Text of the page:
My point was more along the lines of phone companies and such using the SSN for identification purposes only.  There is no need for that.  Just make up some other character string for id purposes.  I understand why it is required to use for banks.  I think some of the new laws post 9/11 are ridiculous, but that's a different topic for a different forum.  So, actually I agree with you.  

One thing to note though is that many of these companies that ask for the SSN can not require you to provide it.  The problem is that most people don't realize that and give it freely when the shouldn't.

Ah, I see. A simple misunderstanding. I agree that phone companies and such have no need for someone's SSN. That's just asking for trouble.

And you're right, a lot of people don't seem to have a problem passing out their SSN whenever asked for it. It's a shame, really. We had one gentleman that got taken for over $80,000 when he was informed that he had won a Canadian lottery. He was withdrawing thousands of dollars a day in one of our branches that is inside of a Walmart, then walking the cash over to the customer service desk and wiring it up to Canada. We explained to him that it was a scam and that he was giving his money away for no reason, but he was under the impression he was going to get his $1.5 million if he just followed the instructions given him by the "Canadian Lottery Commission" or some junk like that. Some people just don't have a clue.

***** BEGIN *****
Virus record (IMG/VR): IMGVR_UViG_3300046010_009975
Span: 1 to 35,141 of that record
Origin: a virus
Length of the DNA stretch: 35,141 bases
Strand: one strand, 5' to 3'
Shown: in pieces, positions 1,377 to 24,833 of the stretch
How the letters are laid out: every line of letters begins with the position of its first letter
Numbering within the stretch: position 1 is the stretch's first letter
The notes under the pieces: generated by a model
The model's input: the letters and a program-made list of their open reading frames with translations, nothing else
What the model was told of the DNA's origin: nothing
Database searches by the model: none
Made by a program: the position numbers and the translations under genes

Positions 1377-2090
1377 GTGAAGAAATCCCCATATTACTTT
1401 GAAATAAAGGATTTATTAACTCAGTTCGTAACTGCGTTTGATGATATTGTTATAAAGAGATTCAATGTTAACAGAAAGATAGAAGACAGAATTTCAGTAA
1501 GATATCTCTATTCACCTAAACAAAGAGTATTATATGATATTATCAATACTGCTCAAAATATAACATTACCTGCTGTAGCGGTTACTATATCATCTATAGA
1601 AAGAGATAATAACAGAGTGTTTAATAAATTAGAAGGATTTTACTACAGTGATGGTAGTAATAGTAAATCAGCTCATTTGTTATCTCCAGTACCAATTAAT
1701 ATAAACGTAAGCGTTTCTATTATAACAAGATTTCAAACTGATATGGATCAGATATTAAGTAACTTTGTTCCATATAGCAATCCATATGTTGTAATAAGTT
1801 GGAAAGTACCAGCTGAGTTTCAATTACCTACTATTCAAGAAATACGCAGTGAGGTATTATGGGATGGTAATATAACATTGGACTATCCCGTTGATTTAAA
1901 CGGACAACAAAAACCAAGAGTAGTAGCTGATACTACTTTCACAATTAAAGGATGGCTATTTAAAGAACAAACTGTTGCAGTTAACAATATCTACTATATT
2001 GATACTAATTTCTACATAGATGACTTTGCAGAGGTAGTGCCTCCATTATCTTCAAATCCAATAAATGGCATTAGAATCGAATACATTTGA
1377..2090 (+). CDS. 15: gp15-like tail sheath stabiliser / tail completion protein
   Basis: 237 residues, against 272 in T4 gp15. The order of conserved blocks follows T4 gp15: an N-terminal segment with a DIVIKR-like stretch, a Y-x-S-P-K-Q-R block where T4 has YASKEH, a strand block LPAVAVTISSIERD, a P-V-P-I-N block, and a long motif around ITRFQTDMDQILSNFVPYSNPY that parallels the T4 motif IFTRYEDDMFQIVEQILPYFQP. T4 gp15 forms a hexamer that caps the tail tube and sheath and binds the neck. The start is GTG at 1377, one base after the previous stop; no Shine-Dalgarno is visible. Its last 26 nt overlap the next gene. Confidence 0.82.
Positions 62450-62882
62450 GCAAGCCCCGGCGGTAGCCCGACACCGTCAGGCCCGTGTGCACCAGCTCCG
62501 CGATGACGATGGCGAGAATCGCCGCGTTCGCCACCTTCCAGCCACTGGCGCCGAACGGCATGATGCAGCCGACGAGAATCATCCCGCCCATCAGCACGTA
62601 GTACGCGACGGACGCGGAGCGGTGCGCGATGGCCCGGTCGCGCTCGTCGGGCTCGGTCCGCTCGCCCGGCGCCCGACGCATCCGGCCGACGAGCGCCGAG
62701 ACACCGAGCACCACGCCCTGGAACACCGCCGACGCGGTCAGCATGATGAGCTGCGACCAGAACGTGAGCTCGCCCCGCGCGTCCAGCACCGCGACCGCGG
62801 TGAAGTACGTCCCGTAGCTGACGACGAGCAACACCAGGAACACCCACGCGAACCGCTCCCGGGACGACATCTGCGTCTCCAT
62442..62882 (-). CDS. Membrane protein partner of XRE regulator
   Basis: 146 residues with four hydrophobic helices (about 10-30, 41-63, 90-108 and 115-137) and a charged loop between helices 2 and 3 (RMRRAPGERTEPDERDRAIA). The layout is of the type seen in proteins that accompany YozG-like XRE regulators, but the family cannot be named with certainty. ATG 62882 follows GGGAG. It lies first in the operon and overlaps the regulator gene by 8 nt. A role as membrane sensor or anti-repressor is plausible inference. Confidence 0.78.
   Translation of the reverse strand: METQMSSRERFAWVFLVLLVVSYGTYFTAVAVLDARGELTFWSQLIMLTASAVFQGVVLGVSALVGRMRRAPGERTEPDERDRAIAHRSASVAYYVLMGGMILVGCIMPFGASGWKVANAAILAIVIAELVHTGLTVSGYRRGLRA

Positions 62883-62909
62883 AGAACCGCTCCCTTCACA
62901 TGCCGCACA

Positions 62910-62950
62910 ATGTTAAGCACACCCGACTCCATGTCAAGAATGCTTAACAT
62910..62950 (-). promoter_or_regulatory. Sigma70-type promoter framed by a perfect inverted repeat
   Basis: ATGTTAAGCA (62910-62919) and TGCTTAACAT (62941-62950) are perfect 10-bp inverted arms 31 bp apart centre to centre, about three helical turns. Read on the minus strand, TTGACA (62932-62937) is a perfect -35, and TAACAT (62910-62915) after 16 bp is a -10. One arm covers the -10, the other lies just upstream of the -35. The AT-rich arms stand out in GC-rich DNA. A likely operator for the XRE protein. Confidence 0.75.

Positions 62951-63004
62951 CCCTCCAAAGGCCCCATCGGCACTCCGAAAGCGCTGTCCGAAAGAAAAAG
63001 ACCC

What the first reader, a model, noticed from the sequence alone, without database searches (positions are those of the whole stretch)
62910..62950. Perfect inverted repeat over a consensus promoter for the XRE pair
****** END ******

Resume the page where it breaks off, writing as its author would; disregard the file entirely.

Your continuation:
And RW, good link. I'm happy to see that our law enforcement agencies are doing at least a little something with our tax dollars! That's the exact incident that I described in one of my previous posts, the one involving TJX. Good find.